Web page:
You know how it is. You go into your local supermarket to pick up a pint of milk and a loaf of bread and come back out with a trolley full of shopping. The truth is, supermarkets work very hard to get you to buy more than you need through clever in-store marketing. In the business they’re known as “in-store strategies”.
While there are hundreds of “in-store strategies” being used across the globe, some of the most commonly used ones are listed below.
1. Enter at your Own Risk
The minute you set foot in the supermarket entrance, what do you see? Fresh fruit and veg. According to “supermarket psychologists”, people react positively to the healthy colours and smells of fresh fruit and veg. Putting them at the entrances ensures that the first emotion we have when we walk in the supermarket is positive.
2. Just a Carton of Milk Please…
In order to get the essentials – bread and milk – you will usually find yourself trekking through the supermarket towards the back or middle aisles. Unfortunately, on your journey you will often be drawn in by the carefully placed offers and products which face you on your way.
3. Cereal vs. Sweets
Did you ever notice how often the cereal section is directly across from the sweets or desserts section? Usually, when mum or dad stops to pick up cereal, the kids have enough time to focus on the sweet things across the way and start pestering their parents for them.
4. Premium Products, Placement and Pricing
It’s not a coincidence that all the so called “premium” products are so well placed on the supermarket shelves. Big brands can afford to pay supermarkets for the best shelf spots. Unfortunately, the big brands are often the ones with the big price tags.
5. A Feast for the Eyes
The best spots for the most expensive branded products to be found are at eye level. This means that as you’re walking around, the things you can’t avoid facing are the products which will cost you the most money.
6. A Bargain at the End of the Aisle
Just like the light at the end of the tunnel, the bargain at the end of the aisle often seems too good to be true. This is because, a lot of the time, it is. Again, the big brand owners pay for the end aisle spots as they’re the best selling spaces. The products might be on special offer, but they still might be more expensive than the unbranded alternatives.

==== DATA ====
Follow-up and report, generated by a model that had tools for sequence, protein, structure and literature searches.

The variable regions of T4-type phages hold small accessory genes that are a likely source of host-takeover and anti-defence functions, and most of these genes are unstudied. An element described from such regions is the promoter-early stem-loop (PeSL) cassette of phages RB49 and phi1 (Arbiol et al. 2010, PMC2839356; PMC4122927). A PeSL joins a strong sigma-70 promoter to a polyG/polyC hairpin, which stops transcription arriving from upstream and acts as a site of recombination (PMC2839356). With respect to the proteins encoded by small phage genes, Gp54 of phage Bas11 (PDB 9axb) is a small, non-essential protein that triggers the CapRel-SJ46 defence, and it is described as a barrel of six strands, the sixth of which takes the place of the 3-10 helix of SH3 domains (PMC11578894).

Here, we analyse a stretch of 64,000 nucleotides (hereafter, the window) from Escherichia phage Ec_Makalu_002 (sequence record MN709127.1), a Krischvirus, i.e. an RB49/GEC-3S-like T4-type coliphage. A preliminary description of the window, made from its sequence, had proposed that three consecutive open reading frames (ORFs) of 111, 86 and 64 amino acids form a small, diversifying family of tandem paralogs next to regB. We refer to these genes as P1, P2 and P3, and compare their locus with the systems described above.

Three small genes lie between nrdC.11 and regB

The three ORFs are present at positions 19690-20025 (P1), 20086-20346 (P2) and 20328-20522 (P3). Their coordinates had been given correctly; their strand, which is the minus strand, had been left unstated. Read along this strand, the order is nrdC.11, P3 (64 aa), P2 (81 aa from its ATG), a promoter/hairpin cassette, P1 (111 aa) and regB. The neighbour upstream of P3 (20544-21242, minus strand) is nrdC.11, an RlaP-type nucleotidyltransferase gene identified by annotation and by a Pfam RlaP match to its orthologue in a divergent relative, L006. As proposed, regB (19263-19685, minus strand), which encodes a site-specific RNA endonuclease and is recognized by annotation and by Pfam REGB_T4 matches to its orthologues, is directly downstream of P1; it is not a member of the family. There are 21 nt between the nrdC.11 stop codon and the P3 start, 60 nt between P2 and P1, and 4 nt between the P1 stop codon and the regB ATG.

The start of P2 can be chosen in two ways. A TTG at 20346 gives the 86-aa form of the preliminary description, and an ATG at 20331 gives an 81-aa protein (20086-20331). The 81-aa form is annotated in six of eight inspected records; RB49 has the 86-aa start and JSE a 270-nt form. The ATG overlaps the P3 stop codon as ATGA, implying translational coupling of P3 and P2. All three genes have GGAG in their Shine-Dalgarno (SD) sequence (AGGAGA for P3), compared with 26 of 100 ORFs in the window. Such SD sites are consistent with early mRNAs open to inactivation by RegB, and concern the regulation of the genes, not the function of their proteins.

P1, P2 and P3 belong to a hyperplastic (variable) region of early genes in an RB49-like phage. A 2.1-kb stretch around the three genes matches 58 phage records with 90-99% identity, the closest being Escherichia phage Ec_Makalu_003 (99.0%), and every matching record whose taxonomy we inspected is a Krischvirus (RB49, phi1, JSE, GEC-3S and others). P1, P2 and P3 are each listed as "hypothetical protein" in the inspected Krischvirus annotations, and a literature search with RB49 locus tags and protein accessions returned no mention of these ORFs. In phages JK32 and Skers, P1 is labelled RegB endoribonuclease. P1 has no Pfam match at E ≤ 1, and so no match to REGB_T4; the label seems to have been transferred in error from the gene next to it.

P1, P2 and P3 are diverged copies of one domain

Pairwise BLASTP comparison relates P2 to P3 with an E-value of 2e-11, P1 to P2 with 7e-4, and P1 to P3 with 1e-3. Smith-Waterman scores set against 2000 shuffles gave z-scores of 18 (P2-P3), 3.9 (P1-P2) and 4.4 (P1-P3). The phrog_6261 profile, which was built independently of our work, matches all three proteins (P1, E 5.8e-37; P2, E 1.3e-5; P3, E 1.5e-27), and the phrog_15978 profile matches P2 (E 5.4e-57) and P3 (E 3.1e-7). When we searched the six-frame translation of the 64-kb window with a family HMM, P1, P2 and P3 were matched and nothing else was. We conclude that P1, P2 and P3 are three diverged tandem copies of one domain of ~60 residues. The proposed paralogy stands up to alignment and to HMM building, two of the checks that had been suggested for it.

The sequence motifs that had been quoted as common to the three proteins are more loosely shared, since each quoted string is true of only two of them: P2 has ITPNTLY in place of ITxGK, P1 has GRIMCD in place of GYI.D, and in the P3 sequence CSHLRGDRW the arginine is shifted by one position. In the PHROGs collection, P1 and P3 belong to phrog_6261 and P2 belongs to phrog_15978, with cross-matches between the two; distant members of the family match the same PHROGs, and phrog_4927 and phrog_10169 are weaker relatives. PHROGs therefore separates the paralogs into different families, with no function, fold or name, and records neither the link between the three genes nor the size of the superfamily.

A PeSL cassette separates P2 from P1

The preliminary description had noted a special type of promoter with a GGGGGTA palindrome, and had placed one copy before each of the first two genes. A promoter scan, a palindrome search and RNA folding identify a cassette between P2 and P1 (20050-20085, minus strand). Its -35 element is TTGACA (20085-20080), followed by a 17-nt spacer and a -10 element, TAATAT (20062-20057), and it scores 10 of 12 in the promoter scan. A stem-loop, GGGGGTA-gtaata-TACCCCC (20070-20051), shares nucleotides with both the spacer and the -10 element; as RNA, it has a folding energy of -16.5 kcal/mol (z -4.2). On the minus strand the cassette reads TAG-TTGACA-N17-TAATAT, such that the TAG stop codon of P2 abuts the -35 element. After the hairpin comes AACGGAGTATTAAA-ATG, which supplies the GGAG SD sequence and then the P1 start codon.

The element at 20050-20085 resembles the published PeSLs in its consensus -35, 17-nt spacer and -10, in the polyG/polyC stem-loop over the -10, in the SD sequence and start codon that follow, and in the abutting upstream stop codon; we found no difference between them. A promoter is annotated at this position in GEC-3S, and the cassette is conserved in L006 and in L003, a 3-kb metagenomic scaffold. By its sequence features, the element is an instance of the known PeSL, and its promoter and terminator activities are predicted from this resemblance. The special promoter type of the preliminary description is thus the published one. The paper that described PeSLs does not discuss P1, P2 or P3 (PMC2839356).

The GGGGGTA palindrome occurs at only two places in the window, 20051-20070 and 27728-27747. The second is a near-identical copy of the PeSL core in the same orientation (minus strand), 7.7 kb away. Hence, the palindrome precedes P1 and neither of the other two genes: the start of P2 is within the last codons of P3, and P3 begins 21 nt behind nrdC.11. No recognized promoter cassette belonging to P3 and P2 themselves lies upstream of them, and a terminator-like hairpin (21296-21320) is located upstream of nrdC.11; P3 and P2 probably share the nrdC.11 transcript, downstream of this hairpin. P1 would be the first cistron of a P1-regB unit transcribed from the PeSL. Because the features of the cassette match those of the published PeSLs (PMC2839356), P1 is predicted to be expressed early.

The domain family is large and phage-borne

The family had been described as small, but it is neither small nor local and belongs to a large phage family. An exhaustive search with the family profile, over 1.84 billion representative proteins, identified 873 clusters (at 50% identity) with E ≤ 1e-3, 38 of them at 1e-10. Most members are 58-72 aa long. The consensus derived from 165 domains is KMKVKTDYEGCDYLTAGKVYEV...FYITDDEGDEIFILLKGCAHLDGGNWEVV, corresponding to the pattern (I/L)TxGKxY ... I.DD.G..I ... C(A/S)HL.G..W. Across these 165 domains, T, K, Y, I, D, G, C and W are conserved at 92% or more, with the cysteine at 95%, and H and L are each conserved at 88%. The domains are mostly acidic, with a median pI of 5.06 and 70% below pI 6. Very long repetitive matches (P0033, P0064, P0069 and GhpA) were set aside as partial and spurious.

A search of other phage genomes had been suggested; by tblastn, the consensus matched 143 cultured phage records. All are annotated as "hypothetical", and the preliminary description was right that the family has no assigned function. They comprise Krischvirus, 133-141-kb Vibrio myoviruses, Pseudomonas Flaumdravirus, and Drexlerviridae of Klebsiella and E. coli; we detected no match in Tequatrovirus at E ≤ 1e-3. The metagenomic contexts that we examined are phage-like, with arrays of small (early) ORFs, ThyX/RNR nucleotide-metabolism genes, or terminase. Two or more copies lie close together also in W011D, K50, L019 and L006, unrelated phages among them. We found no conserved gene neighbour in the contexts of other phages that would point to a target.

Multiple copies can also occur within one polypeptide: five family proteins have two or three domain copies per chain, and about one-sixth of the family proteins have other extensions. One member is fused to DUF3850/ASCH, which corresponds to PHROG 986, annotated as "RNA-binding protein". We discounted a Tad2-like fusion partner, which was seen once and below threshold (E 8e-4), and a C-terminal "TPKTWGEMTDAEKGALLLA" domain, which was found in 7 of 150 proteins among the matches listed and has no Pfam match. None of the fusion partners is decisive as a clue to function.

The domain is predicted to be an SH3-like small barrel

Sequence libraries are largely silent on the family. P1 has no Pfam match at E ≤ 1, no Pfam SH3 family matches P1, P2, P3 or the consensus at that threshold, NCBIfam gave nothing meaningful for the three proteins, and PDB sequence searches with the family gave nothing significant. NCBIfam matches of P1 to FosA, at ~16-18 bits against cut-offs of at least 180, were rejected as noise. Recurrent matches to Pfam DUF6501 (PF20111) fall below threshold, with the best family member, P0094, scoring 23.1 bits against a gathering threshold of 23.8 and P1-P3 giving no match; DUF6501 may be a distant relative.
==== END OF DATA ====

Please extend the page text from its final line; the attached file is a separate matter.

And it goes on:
7. BOGOF (Buy One Get One Free)
You’re standing in front of a BOGOF offer. You think to yourself “That’s great value”. Oftentimes thinking you’re making a saving. However, once again, you will find that if you take the items that are on offer and compare them to similar products, you may still be paying more than you have to. As well as this, the “one-free” in the offer may eventually just end up as waste in the bin.
It is also interesting to note that the cost of putting products up on “special offer” is usually met by the producers, not the supermarkets.
8. A Matter of a Few Cents
You see a two-cent coin on the path in front of you. It’s hardly worth stopping an bending down for. It’s a similar story with pricing in supermarkets. Rather than selling products for €5.00, which seems like a lot of money, items are priced at €4.98 which is much easier on the eye, but not such a big change for your pocket.
9. Loyal Consumers
Do you think that shop assistants are interested in saving you money? Unless they’re a friend of yours, probably not. So why do they never forget to ask you for your clubcard or value card. The truth is, your buying behaviour is being recorded and used for market research so that supermarkets can find out what types/brands of products sell to different people. As well as this, the awards they offer often encourage further unnecessary spending.
10. Strategies for the Future
Some of the in-store marketing plans for the future seem to have come straight off the pages of a Science Fiction novel. Video cameras, heat sensors and audio-recorders are being used at home and abroad to determine shoppers behaviour. Some of the new developments are even simpler, and you may have noticed them as the advertising that now decorates the shopping trolleys and baskets in some supermarkets.
So, where’s the bargain?
The bargains in the supermarkets are usually on the products that are thrown messily onto shelves or into trolleys, priced with big reduced stickers. Even more bargains can be found if you just shop carefully and spend some time comparing prices.
You’ll be amazed at how much you can change by just buying what you need rather than what you think you need.
Are you aware of any other supermarket tricks that get you spending more than you need to? Please share your supermarket experiences with us in the comments box below.